Lack Of Humanity

How I See It……………..by Dorothy Wells

I have been researching my family history for several years and have had success on the Internet genealogy sites. Left
with old pictures and obituaries by my mother and the names of the states my ancestors lived in, I began to piece together the lives of my family. I have always been curious about that period in our country’s history when my people
were enslaved. Having done extensive reading and watching documentaries on the subject I feel that I have a better understanding of the events of that time but my feelings are conflicted.

I understand the economics of the free labor that slavery provided and in a way I even understand the mindset of the antebellum south especially the wealthy, to hold on to that lifestyle. What I have never been able to grasp is the lack of
humanity. I can’t fathom how a man could sell his own children sired by a slave woman or how his wife could blame that same slave for her husband’s misdeeds when she knew full well that the slave had no voice in her life. I don’t understand how families could so callously have been separated, parent sold off from children or children from their home to a place foreign to them where they knew no one.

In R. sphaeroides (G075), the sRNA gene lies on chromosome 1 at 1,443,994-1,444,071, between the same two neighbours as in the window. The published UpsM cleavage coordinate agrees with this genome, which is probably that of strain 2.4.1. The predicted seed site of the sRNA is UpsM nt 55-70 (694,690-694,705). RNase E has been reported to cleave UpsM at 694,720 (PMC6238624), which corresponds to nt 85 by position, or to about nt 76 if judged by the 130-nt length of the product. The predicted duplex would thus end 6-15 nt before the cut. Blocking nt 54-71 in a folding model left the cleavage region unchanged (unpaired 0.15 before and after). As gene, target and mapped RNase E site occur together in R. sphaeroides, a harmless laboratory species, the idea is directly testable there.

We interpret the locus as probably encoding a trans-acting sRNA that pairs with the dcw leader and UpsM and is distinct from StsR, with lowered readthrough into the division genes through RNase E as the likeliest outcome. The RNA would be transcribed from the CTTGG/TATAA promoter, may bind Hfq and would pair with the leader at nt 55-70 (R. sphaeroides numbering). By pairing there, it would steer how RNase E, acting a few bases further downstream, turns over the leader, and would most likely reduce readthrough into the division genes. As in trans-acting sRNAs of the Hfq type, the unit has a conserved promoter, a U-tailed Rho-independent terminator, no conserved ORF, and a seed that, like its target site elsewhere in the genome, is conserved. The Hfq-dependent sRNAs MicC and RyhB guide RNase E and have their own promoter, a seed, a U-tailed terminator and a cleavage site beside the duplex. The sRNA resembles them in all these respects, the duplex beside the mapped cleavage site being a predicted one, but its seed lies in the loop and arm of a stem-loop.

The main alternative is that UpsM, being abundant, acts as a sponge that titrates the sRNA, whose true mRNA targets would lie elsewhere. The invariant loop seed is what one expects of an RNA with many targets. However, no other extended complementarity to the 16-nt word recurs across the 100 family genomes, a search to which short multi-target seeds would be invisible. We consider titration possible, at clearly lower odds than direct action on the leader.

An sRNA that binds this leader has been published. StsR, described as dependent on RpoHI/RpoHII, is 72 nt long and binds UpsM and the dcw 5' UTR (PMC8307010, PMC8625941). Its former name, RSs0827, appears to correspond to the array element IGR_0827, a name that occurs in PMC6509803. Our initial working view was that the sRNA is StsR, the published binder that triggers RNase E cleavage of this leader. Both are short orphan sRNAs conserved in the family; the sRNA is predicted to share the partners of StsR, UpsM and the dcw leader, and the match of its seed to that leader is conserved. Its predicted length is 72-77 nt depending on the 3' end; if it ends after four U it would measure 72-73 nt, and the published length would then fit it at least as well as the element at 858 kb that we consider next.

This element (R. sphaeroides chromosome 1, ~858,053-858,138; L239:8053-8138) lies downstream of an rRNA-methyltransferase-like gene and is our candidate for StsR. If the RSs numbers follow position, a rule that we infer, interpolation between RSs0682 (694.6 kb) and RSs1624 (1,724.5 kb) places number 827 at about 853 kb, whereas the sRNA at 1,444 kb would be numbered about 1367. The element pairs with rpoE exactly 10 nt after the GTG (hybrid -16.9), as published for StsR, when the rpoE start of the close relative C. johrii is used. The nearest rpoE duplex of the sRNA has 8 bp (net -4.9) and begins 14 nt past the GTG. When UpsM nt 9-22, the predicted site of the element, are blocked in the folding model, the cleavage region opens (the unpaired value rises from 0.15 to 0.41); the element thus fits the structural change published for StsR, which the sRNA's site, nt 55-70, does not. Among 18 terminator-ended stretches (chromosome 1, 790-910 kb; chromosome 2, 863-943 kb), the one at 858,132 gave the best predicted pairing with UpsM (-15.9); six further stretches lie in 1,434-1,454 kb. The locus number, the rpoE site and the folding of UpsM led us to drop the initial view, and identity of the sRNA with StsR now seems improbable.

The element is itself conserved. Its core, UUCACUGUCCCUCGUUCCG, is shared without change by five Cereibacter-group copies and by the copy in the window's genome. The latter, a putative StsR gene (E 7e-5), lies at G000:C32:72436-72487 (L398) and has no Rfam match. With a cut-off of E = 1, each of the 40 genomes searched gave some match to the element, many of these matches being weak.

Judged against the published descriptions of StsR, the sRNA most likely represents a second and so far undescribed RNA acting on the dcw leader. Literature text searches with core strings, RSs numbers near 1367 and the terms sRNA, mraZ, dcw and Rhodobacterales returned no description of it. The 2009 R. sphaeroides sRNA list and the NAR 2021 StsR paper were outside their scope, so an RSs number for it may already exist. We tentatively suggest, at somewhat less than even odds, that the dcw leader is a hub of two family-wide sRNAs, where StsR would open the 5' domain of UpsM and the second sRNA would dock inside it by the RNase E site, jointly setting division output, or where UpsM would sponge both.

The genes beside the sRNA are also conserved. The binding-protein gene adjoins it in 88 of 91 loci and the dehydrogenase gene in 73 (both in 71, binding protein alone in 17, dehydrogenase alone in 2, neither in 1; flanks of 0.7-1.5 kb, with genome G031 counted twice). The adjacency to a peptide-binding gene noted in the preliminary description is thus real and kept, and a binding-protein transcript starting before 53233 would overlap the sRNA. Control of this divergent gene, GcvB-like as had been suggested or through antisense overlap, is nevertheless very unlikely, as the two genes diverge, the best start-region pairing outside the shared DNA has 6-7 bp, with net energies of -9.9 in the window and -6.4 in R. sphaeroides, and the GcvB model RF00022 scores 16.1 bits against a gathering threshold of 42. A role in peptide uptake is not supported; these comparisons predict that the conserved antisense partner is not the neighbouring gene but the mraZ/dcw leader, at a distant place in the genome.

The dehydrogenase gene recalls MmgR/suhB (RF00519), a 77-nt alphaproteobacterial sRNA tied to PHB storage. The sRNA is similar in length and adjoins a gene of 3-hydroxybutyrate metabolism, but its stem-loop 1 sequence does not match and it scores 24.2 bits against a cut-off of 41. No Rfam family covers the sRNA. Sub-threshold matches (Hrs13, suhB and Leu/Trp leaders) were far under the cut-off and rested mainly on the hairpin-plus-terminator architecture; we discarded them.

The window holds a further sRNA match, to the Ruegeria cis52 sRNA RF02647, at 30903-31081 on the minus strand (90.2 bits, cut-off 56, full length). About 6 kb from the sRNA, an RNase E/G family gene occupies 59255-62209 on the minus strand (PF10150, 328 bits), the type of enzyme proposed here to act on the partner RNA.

Slavery has existed since the beginning of time and has affected many groups at one time or another. yet that period in the history of our country is very personal to me. I try to imagine what life was like for my ancestors. I know from the census records that many children died, some families loosing one a year for several years. In my own family twin girls were born in 1879 and lived to be two months and four months old ,the only girls born to the mother.

I believe that slavery took a terrible toll on African-American families ,the affects still being felt all these centuries later. Women were often forced to be head of the household leaving no masculine role model. The history of my people in this country has been dramatic. We have made strides ahead but not without sacrifices. I am proud to be an American but just as proud of the strength and endurance of those who came before me.

(This essay comes from one of Charley Kempthorne’s “Life Story Instute”¬†workshop in Junction City and was a part of the UUFM service on January 15th)

 

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